Maxine Roils the Chauvin Waters
Well, this certainly is a mess, and let’s hope it doesn’t turn tragic.
the House Financial Services Committee chair, might have poisoned the
trial now reaching its conclusion in Minneapolis.
That’s the view expressed Monday by Hennepin County District Judge
who is presiding over the prosecution of Mr. Chauvin for the murder of
last May. Defense attorney
urged Judge Cahill to declare a mistrial after Ms. Waters made incendiary remarks to a crowd of protesters in Brooklyn Center near Minneapolis on the weekend.
Judge Cahill denied the request but said, “I’ll give you that Congresswoman Waters may have given you something on appeal that may result in this whole trial being overturned.”
The judge added that “I wish elected officials would stop talking about this case, especially in a manner that is disrespectful to the rule of law and to the judicial branch and our function.” He’s right in his wish, and he could be right about an appeal depending on how the jury rules in the case.
Ms. Waters tried to rile up the crowd to protest an acquittal. “I hope we get a verdict that says guilty, guilty, guilty,” she said. “And if we don’t, we cannot go away. We’ve got to stay on the street. . . . We get more active, we’ve got to get more confrontational.”
That also sounds like an attempt to influence the jury by suggesting that an acquittal would result in more street protests and perhaps violence. The comments are especially potent, and dangerous, in a city that endured widespread looting, violence and destruction after Floyd’s death in policy custody.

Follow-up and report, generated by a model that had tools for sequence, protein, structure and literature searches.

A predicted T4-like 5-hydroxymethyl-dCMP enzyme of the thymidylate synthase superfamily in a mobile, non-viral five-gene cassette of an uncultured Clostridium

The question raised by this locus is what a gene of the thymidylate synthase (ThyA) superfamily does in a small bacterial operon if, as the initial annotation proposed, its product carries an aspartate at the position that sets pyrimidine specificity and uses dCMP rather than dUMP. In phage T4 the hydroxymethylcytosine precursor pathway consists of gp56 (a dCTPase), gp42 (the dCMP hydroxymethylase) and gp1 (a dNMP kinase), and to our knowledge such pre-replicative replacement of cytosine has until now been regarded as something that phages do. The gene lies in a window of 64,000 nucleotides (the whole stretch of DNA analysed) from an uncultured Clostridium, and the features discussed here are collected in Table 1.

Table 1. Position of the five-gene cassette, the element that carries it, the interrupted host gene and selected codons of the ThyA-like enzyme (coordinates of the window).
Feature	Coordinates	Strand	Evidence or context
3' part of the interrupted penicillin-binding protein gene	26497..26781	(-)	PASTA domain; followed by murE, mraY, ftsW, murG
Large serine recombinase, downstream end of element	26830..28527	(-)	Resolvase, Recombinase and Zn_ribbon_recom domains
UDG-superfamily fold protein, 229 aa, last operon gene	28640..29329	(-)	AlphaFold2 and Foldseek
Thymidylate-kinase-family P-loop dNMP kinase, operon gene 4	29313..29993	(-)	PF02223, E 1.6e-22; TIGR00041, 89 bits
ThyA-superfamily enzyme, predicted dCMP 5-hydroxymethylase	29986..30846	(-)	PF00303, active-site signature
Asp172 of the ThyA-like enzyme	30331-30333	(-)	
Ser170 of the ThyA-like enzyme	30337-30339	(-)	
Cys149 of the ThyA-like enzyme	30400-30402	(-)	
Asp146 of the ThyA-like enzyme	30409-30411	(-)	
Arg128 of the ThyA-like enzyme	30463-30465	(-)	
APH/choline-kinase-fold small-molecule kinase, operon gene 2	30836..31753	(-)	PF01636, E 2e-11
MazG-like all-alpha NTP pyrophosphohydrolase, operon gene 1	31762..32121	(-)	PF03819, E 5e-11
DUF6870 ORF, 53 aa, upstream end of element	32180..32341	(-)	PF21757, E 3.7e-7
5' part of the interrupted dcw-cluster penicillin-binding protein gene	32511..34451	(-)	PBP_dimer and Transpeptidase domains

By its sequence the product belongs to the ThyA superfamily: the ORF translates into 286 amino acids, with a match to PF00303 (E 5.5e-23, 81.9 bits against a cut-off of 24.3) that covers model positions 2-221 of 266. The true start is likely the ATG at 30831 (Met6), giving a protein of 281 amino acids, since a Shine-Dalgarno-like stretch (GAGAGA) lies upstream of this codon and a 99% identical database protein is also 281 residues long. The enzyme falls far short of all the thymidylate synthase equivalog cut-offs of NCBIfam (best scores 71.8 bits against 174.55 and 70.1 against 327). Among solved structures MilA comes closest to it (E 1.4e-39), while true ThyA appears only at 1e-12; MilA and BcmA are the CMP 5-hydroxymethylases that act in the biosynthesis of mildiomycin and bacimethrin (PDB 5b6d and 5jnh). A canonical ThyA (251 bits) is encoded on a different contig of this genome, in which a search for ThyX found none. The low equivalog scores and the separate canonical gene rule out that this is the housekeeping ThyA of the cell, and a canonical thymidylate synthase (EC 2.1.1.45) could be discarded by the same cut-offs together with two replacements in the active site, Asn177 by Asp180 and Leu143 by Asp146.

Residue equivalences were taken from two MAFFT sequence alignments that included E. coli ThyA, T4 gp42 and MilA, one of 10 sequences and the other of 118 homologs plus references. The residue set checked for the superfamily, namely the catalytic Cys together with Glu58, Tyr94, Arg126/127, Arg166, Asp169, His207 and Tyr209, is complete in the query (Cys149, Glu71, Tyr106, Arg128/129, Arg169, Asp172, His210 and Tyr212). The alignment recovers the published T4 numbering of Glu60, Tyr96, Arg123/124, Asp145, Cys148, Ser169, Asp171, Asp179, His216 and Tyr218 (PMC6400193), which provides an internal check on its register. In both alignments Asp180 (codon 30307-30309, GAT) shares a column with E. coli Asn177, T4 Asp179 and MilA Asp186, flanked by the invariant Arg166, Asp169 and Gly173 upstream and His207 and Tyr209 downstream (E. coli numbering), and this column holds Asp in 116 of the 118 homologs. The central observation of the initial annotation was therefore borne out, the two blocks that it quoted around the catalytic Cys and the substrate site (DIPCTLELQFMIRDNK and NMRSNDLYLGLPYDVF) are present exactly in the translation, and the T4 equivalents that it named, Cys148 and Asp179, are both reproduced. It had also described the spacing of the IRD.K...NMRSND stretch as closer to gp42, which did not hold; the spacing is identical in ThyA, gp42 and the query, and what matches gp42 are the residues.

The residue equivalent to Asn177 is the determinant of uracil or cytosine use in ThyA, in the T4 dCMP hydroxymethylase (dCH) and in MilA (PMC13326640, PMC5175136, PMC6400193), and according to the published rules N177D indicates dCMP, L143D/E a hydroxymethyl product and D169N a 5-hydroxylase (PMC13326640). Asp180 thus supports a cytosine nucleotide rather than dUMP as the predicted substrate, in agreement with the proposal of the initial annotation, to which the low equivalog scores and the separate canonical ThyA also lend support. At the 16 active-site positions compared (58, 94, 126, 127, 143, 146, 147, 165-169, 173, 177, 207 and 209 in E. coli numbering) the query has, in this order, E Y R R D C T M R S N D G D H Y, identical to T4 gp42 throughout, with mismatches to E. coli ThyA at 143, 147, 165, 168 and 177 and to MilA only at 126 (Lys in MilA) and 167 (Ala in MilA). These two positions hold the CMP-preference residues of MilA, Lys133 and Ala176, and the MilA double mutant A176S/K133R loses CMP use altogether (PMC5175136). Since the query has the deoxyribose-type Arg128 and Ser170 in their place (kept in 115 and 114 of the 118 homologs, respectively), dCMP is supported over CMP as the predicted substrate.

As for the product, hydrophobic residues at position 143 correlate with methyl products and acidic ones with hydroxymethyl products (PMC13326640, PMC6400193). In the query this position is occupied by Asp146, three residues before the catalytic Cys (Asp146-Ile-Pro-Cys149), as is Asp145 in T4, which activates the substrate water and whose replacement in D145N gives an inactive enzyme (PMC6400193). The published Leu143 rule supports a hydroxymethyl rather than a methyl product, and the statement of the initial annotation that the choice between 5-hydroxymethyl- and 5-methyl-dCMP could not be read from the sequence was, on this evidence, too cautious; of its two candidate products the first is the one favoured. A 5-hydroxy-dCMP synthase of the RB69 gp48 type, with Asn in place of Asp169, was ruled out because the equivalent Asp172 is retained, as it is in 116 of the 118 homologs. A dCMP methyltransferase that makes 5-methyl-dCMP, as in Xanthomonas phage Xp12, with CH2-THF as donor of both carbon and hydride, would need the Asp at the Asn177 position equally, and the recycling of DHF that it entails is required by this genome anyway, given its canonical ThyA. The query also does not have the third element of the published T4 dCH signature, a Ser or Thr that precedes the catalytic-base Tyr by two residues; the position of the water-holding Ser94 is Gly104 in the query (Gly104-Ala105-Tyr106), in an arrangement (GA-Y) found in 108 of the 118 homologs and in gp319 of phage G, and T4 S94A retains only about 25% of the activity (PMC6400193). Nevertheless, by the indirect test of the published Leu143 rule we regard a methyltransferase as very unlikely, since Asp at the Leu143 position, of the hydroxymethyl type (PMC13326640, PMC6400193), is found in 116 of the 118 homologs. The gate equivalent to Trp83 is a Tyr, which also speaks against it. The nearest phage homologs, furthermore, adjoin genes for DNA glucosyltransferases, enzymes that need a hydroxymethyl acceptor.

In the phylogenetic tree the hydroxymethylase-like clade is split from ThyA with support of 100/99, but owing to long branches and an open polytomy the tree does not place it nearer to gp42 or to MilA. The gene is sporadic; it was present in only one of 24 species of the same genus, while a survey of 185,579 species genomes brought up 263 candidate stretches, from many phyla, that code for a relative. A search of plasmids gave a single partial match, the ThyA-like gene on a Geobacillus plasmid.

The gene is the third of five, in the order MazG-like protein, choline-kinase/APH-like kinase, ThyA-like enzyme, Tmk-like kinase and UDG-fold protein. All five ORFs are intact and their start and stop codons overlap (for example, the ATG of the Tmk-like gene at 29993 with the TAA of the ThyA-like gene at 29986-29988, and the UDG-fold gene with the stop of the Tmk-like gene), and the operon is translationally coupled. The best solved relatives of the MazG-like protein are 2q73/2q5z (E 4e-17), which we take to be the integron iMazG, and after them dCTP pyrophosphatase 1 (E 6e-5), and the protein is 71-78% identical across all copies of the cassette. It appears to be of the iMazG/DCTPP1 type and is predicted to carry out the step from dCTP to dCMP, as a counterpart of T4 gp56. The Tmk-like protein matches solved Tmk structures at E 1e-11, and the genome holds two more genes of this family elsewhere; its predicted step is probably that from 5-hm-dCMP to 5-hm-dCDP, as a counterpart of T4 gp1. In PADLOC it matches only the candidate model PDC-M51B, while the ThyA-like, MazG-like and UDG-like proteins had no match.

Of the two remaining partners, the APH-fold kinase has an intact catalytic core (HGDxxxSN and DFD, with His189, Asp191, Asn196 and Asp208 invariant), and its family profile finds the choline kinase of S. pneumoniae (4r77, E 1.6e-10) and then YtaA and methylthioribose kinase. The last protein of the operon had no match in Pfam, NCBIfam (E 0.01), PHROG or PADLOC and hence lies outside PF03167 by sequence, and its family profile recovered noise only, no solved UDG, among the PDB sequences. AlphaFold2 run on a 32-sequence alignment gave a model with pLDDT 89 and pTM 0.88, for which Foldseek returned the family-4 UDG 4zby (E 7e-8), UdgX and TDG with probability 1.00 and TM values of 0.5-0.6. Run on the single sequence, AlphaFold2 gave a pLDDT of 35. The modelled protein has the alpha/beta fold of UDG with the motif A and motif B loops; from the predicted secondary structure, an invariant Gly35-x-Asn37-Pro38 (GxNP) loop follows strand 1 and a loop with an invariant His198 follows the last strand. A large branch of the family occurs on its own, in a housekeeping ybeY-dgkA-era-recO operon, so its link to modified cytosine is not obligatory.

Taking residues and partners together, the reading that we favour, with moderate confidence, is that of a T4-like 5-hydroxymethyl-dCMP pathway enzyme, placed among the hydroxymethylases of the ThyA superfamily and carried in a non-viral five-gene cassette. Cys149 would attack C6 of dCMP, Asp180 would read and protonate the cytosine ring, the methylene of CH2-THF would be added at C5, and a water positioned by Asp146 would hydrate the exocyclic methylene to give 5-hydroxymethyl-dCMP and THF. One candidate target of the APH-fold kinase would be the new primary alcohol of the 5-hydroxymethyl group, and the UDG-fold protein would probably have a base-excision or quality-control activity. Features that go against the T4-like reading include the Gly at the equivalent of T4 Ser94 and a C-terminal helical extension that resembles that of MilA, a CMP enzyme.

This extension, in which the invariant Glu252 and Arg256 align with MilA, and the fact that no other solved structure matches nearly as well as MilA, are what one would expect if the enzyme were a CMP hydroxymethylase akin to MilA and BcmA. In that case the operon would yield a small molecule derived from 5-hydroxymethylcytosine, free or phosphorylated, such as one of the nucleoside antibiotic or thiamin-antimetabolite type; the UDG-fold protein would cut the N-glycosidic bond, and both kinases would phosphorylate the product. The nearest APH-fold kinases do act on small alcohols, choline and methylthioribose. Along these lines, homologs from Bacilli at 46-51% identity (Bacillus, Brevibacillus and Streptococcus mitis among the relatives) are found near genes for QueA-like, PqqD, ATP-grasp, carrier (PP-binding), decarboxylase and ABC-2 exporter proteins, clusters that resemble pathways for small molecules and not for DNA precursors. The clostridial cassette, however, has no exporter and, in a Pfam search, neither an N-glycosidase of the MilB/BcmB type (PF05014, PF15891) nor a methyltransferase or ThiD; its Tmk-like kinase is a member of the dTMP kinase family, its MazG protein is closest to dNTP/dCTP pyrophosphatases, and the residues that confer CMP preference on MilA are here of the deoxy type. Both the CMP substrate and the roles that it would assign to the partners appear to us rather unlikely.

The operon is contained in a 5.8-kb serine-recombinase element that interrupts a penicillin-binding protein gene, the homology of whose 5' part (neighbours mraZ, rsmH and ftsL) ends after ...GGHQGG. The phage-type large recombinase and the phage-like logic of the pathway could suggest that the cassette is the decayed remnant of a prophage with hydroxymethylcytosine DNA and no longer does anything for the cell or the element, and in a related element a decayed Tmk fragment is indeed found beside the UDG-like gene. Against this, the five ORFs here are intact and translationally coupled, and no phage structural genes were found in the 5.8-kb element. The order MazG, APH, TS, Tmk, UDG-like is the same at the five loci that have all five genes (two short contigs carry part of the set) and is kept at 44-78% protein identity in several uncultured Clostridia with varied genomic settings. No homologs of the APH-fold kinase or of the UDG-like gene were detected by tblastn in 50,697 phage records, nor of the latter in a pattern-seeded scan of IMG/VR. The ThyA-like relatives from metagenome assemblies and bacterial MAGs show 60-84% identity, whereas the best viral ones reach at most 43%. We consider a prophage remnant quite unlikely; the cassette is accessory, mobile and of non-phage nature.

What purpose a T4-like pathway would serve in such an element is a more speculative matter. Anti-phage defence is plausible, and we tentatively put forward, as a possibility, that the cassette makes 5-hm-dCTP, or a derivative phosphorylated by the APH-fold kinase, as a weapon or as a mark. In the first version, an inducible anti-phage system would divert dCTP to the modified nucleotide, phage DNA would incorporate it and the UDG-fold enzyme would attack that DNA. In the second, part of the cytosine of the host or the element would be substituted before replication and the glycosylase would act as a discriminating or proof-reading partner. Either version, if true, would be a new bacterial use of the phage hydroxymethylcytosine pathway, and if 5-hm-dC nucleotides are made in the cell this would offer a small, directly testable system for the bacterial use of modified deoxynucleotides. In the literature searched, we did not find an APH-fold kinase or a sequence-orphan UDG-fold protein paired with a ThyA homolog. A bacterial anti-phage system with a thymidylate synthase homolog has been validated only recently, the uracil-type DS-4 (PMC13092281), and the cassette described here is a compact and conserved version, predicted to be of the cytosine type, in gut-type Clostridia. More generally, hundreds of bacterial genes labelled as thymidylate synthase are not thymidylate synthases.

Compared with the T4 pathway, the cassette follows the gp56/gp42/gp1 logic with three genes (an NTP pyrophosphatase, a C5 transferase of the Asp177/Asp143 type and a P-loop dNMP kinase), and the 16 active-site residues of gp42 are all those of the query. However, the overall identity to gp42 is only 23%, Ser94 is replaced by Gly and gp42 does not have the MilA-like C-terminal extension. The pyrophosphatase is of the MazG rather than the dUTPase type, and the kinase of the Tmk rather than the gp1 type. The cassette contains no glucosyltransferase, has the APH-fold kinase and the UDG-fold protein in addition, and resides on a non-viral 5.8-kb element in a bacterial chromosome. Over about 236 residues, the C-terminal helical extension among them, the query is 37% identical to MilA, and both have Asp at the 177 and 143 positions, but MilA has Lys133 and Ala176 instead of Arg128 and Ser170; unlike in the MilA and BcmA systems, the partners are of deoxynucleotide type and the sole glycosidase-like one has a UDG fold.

on Monday tried to soft-sell the Congresswoman’s comments as simply referring to confrontation “in the manner of the civil-rights movement.” But anyone who remembers last year’s riots, and understands the anxiety today in Minneapolis as a verdict in the trial nears, knows this is disingenuous. Ms. Waters was deliberately inciting people, at a moment of high tension, to take to the streets and get “confrontational” if the verdict isn’t one they like.
Ms. Waters’s remarks are grounds for censure by the House. And if her words become the basis for an appeal of a guilty verdict, she will be responsible if Mr. Chauvin goes free.
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